Male Jumping Spiders Square Off Against Animated Rivals

387 Male Jumping Spiders Square Off Against Animated Rivals
Male Lyssomanes viridis jumping spider feeding on a nematoceran from Greenville County, South Carolina / David E. Hill via Wikimedia

Male jumping spiders will literally size each other up before they decide to duke it out. But it’s not just size, it’s the size difference, according to researchers who confronted live spiders using computer-animated, eight-legged opponents. The findings were published in Behavioral Ecology this week.  

Red-headed and with vividly colored forelegs, magnolia green male jumping spiders (Lyssomanes viridis) seem to rely on the giant fangs hanging in front of their colorful mouth parts (or chelicerae) to intimidate rivals and impress females. Back in 2011, Cynthia Tedore and Sönke Johnsen of Duke showed that male jumping spiders with bigger fangs may win more contests. Two dozen males squared off in pairs for 10 minutes, and over the course of 68 cage matches, it appeared that males with the smaller fangs will slink away without a fight. "The males wave their forelegs at each other for a period, and then the smaller male runs off," Tedore said in a Duke release back then. "That's why we think they're using vision to size each other up. Most of the time, the smaller one will run away before it comes to blows." These spiders make decisions and navigate the world using their tiny brains, and they appear to follow rules of some kind. But is it fang size, chelicerae size, or just size? 


For this study, the duo pit male jumping spiders against computer-animated rivals to better understand the visual signals they use when deciding whether to fight or not. With the animated opponents, the researchers were able to control for all potential factors that correlate with size. The computer-animated spiders come in the three different sizes with weapon- and nonweapon-appendages that were elongated differently. They scored the increasing levels of escalation in the live males’ responses to the animated rivals. From the escalation intensity, the team was able to judge the predictive power of three variables: male size, animated opponent size, and the difference in size between the male and the animated opponent.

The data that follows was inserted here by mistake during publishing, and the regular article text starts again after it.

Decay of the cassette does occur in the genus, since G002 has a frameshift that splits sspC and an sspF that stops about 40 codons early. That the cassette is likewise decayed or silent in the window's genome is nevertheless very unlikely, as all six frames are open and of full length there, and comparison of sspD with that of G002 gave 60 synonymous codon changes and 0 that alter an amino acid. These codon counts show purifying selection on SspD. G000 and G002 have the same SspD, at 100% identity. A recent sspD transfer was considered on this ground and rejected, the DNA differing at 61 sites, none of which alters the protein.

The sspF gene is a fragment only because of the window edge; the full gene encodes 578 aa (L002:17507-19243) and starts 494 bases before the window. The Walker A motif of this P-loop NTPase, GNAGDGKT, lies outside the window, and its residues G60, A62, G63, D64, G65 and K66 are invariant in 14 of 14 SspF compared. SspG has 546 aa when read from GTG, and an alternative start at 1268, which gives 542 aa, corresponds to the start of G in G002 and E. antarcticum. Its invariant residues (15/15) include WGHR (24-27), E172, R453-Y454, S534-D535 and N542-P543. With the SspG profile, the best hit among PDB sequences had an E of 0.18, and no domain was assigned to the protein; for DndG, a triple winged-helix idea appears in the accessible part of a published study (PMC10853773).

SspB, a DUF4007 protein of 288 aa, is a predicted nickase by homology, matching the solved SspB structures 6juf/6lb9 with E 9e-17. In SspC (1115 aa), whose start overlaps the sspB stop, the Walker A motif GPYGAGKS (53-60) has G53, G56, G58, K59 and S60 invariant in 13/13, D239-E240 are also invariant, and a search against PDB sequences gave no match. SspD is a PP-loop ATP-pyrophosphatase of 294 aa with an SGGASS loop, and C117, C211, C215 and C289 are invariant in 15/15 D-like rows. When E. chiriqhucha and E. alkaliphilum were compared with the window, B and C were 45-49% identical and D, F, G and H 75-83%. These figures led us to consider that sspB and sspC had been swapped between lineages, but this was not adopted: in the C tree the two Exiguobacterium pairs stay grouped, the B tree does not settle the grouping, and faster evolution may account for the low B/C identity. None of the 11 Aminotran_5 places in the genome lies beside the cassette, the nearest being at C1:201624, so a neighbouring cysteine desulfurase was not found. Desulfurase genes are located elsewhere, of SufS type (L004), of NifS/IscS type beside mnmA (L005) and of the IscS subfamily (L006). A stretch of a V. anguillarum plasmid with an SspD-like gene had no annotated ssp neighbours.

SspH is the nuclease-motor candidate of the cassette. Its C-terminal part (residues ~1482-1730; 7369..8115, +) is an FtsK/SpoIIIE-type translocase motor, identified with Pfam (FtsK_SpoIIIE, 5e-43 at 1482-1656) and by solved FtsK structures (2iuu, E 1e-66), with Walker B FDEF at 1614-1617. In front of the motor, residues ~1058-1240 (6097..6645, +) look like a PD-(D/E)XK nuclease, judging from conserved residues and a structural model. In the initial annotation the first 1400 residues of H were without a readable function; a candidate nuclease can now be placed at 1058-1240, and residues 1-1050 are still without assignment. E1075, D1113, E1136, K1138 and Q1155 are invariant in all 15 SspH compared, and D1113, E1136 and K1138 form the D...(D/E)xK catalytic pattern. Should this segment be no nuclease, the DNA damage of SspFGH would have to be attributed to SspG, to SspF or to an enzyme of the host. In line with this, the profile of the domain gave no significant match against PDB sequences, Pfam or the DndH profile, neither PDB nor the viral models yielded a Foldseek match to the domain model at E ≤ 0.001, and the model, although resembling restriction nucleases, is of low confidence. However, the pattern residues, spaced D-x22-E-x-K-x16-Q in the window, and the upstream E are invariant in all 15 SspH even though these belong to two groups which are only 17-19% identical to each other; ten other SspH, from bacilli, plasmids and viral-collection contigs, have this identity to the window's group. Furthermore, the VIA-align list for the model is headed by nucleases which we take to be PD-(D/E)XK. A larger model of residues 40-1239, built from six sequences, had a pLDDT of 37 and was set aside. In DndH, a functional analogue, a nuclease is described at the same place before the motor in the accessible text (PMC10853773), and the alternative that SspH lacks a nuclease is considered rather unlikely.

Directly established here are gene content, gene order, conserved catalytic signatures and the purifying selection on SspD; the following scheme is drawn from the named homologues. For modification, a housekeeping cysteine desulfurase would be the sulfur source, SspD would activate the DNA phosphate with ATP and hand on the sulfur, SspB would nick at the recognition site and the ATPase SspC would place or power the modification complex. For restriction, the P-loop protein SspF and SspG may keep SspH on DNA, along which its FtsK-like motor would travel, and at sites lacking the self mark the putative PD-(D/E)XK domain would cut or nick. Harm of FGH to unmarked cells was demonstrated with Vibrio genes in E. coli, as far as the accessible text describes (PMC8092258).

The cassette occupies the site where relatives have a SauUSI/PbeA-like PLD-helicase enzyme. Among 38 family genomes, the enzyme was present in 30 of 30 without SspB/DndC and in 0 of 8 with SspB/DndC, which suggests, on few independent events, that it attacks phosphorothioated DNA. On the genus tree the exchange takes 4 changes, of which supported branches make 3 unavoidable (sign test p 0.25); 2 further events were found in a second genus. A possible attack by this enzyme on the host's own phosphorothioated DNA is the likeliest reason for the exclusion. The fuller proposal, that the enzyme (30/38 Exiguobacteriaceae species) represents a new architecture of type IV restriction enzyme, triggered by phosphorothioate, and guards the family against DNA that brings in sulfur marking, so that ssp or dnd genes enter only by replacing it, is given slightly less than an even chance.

Size difference, they found, was the best prediction of escalation intensity: The effect of opponent size disappeared when size difference was included in the same model. Surprisingly, the males were just as willing to fight animated spiders with long legs and fangs than those with less imposing weaponry, Science explains. The male’s own size, on the other hand, didn’t really predict escalation intensity, suggesting that these guys are using a mutual assessment strategy.